It was all but guaranteed, however, that if the invention worked out, it would get its own blockchain sooner or later, meaning an independent decentralized currency would be born based on the Zerocash protocol. It did work out. So, on 28 October 2016, with the start of mining for the new currency, Zcash (ZEC), came into being. But how exactly does the accounting work for transactions that are recorded in the public ledger (blockchain) and yet are untraceable? This sounds quite mystical, since these qualities seemingly contradict each other.
Similarly to bitcoin, in the case of Zcash we also call those who operate the system and perform the accounting of the transactions miners. Obviously they don’t do this by hand, but a computer program does it automatically. When a transfer request comes in, the program has to check two important things. First, the authenticity of the digital signature; that is whether it was really the authorized person who initiated a transfer from the given account. Second, it has to check whether the account balance is sufficient to cover the amount of the intended transfer.
In the case of bitcoin, these procedures are easy to perform. The initiated transfer clearly includes the number of the account to be charged and the amount, and the public ledger includes the current balance of the given account. In order to check if the account has sufficient funds, these only have to be compared, and the digital signature can be easily tested based on the account number (the account’s public key).
In the case of Zcash, however, the procedure is a lot more complicated. An initiated transfer does not explicitly include either the number of the account to be charged or the amount, and neither are the balances directly in the public ledger. To be precise, the information is there, only it’s hidden from unauthorized people and well encrypted. Miners have to decide whether the digital signature and the balance are OK based on the encrypted information.
It gets out, but it doesn’t
For the sake of clarity, it’s worth illustrating how this is possible with an example. A famous puzzle from the science of encryption (cryptography) is the problem of Yao’s millionaires. In the puzzle, two millionaires wish to find out who’s richer. They want to do this without either of them telling the other or a third party exactly how much money they have. The puzzle can be solved, but we won’t go into the details of the non-trivial solution here. The main point is that one of the millionaires takes the number characterizing his wealth (expressed in the form of millions of dollars, for example), performs all kinds of complicated mathematical operations on it, then sends the result (which says nothing specific about his wealth) to the other millionaire. The other millionaire performs further complicated mathematical operations using this number and the number that characterizes his wealth, and the millionaires will know who’s richer based on the result.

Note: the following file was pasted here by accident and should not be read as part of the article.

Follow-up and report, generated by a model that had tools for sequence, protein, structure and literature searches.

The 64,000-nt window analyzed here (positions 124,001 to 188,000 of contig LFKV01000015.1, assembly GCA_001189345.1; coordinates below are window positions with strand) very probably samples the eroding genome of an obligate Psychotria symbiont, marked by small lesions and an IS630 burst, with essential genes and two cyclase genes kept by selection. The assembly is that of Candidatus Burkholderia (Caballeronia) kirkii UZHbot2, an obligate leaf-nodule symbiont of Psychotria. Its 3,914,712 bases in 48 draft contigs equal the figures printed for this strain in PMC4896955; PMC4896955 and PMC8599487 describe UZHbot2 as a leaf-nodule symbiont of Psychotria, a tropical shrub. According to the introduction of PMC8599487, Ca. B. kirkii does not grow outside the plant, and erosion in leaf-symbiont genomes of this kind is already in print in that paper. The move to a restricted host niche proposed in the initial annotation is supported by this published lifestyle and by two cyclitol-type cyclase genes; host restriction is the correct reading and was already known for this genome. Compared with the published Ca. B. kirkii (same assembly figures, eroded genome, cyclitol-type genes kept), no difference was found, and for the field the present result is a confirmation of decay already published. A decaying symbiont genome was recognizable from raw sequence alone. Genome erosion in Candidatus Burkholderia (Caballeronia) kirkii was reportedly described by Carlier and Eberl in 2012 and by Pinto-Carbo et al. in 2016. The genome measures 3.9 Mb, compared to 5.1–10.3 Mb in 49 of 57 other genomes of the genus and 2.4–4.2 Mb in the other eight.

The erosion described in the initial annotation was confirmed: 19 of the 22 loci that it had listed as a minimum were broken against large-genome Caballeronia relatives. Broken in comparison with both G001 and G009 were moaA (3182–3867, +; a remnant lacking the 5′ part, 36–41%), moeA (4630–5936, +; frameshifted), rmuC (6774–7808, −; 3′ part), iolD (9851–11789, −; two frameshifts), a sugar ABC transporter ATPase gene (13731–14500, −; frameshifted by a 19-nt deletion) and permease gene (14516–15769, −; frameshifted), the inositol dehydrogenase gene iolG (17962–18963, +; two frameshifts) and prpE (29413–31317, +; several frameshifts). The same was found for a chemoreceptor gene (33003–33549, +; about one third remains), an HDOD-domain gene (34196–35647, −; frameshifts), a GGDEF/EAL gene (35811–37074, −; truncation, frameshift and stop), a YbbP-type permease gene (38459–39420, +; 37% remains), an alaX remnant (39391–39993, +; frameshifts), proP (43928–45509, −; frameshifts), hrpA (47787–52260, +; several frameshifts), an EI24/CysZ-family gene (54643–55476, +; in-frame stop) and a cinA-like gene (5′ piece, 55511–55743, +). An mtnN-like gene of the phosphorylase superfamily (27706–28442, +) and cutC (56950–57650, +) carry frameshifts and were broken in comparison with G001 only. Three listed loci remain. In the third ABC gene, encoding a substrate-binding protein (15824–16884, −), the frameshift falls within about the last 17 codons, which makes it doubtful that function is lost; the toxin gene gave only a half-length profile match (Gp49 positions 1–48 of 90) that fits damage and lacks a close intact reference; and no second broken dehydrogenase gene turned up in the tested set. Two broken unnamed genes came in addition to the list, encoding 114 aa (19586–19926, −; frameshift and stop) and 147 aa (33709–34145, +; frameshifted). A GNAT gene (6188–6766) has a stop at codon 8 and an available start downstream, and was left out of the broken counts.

Yao’s millionaires therefore eventually get an answer to the question of who’s richer without the specific extent of their wealth being revealed. Similarly, Zcash miners get an answer to the question of whether the digital signature and the balance are OK when authenticating a transaction, but it isn’t revealed which specific wallet’s data they examined and what the amount of the transfer is. They get just the information that’s necessary for authentication; not more and not less. This amount of information is crucial in terms of the system’s operation, but from the perspective of compromising bank secrecy, it’s nothing.
In traditional monetary systems, maintaining bank secrecy is the bank’s task. Usually there’s no problem with this, but sometimes the bank’s server is hacked and customer data is stolen, or a bank employee abuses their access. In the case of Zcash, however, keeping secrets is a built-in feature. Obviously anyone possessing their password (secret key) can see their own wallet’s balance and history, but there’s no person and no computer that has information about the wallets of others besides their own. This is a much higher level of confidentiality than that of the traditional monetary system, or even bitcoin.
Using new technology is a great step forward compared to the operating model of bitcoin, but at the same time it comes with serious dangers. This is because no one has any idea from the first moment what exactly is going on in the world of Zcash. When the Bitfinex bitcoin stock exchange was robbed in August, it was immediately clear that something wasn’t right. Everyone could see on the public blockchain that a huge amount of bitcoins was transferred in an enormous sum and at the same time from accounts linked to the stock exchange, and it wasn’t likely that all customers were withdrawing their money exactly at the same time. Bitcoin’s exchange rate reacted immediately to the events with a huge fall. Since in the case of Zcash transactions are recorded on the public blockchain only in encrypted form, a similar robbery would remain a secret until the stock exchange itself announced it. It’s questionable whether it could be kept secret so easily, would it reveal the robbery at all? To be precise, the thief could also announce it, but it’s definitely not in their interest to trigger the price drop that would ensue.